Even though we may all be experiencing some difficulties in these challenging economic times, I prefer to look at this as a special opportunity for us to step back, slow down, and to think carefully about what we envision for our future in the world of Middle Eastern Dance.

I recommend that we develop the fine art of discrimination and spend time to research potential instructors in order to determine and confirm their scope and length of experience.

 It might take some time but will be well worth the effort, as it will almost certainly guarantee both legitimate and accurate information being disseminated.  This is actually how students in most dance forms select quality instruction, not on the amount of promotion that the contenders put out.  wine

Another really great concept is that you may learn more from one in-depth and comprehensive training session or workshop if you follow through the threads of the entire package and then go home, mull over the information, work with it and slowly than by dashing from one tasty bite-size 2 hour workshop to the next. Even if any of the instructors do magically manage to give you something of substance in 2 hours, it is immediately forgotten and replaced by the next instructor and their 2-hour class and so forth.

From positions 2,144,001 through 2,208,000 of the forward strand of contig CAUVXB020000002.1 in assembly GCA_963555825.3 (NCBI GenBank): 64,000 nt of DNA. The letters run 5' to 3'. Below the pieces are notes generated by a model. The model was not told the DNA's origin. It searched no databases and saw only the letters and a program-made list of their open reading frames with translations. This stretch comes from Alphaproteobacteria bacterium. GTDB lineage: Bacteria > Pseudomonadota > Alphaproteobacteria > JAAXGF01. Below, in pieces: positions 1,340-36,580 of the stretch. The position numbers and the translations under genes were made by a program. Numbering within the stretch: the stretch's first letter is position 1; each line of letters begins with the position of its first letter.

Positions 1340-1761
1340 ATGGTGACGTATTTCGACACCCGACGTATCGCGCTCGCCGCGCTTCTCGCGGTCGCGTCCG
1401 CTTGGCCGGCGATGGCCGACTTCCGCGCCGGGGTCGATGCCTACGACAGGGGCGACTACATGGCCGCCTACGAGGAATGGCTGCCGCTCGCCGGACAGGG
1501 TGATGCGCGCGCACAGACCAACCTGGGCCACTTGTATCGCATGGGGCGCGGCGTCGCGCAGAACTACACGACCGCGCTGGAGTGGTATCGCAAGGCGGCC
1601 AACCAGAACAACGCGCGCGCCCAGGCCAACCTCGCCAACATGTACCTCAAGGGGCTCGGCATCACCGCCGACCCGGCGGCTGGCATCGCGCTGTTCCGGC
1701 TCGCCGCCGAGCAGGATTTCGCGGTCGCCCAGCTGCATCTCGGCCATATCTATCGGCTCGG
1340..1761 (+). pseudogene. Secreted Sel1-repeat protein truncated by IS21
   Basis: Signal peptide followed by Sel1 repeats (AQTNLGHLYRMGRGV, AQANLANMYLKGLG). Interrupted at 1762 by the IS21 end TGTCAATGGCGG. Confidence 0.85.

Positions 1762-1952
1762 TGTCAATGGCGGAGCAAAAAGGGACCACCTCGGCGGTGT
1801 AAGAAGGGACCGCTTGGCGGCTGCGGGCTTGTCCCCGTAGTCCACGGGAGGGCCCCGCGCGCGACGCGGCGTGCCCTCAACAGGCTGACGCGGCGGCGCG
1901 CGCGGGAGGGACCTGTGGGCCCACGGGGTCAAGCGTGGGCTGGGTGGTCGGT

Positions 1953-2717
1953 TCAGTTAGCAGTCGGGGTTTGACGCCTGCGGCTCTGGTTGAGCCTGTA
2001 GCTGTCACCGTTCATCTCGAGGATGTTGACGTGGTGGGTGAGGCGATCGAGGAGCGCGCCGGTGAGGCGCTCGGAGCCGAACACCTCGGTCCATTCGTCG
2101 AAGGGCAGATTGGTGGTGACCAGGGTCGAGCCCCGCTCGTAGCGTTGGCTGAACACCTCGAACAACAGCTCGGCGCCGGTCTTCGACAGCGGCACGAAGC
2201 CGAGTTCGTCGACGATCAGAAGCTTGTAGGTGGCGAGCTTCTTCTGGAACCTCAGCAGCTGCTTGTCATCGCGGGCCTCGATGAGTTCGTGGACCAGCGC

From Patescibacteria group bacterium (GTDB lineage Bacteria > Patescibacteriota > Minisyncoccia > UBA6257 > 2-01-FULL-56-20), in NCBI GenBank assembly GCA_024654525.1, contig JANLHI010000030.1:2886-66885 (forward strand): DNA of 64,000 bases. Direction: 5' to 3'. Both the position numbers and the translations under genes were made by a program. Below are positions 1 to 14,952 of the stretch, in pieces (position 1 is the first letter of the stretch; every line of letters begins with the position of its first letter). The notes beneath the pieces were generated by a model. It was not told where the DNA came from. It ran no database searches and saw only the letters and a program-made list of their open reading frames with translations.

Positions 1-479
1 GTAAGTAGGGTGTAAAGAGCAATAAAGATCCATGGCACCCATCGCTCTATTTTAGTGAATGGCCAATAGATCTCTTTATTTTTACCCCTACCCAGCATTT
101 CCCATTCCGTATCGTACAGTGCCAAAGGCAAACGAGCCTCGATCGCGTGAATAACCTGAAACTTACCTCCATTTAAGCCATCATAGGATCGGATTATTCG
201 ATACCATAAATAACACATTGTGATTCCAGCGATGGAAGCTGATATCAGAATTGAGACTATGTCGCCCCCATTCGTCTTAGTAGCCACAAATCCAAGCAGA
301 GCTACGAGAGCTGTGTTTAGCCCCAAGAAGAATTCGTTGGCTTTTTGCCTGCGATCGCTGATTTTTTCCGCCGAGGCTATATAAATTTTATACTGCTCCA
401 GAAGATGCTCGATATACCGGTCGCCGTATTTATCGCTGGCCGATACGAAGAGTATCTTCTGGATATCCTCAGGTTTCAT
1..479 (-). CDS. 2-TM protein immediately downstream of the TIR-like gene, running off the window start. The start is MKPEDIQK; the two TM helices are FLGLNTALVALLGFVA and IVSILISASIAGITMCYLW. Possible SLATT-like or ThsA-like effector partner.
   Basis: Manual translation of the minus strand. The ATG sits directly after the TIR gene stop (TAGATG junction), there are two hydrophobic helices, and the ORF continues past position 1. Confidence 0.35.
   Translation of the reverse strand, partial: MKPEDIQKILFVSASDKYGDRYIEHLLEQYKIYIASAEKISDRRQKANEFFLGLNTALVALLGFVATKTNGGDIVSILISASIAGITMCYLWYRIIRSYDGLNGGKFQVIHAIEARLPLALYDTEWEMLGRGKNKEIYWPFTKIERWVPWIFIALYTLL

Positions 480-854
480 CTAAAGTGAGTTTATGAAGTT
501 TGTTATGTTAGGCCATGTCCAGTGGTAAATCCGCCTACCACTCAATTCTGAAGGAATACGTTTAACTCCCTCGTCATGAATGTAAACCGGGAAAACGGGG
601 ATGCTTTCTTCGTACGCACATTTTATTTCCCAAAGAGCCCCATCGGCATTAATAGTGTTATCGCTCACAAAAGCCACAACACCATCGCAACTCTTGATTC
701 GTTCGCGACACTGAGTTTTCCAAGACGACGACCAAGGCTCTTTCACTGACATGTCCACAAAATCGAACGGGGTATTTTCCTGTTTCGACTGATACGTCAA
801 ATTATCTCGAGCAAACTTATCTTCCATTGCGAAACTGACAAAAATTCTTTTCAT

Workshops need to be savoured like a good glass of wine. And it once again comes back to the choice between quality and quantity!

Jalilah: The world is becoming increasingly commercialized and many people seem to prefer name brands over locally made, and fast food chains over quality cuisine. Do you see a parallel in the dance world?

Hadia: Yes, the dance world has most definitely fallen prey to this tendency over the past few years. In the words of many of the dancers themselves, we now have an INDUSTRY where we once had an ART FORM. 

The belief that “more and bigger” are better now dictates and dominates the marketplace all over the world.

As Middle Eastern Dance attempts to go “mainstream” to catch the general market and its masses of consumers, it has actually begun to loose the essence of what it is.

A homogenized, palatable and production line style of belly dance and approach have replaced innovation and individualism from the deep roots that touch the soul. 

Presentation and Expertise
Jalilah: You have also studied other dance forms like Flamenco, African, Polynesian, Brazilian and Latin dances.  The mainstream public attends performances of these ethnic dance forms in addition to ballet and contemporary dance performances.  On the other hand, outside of the Middle East, “Belly” dance shows are attended primarily by other Middle Eastern dancers.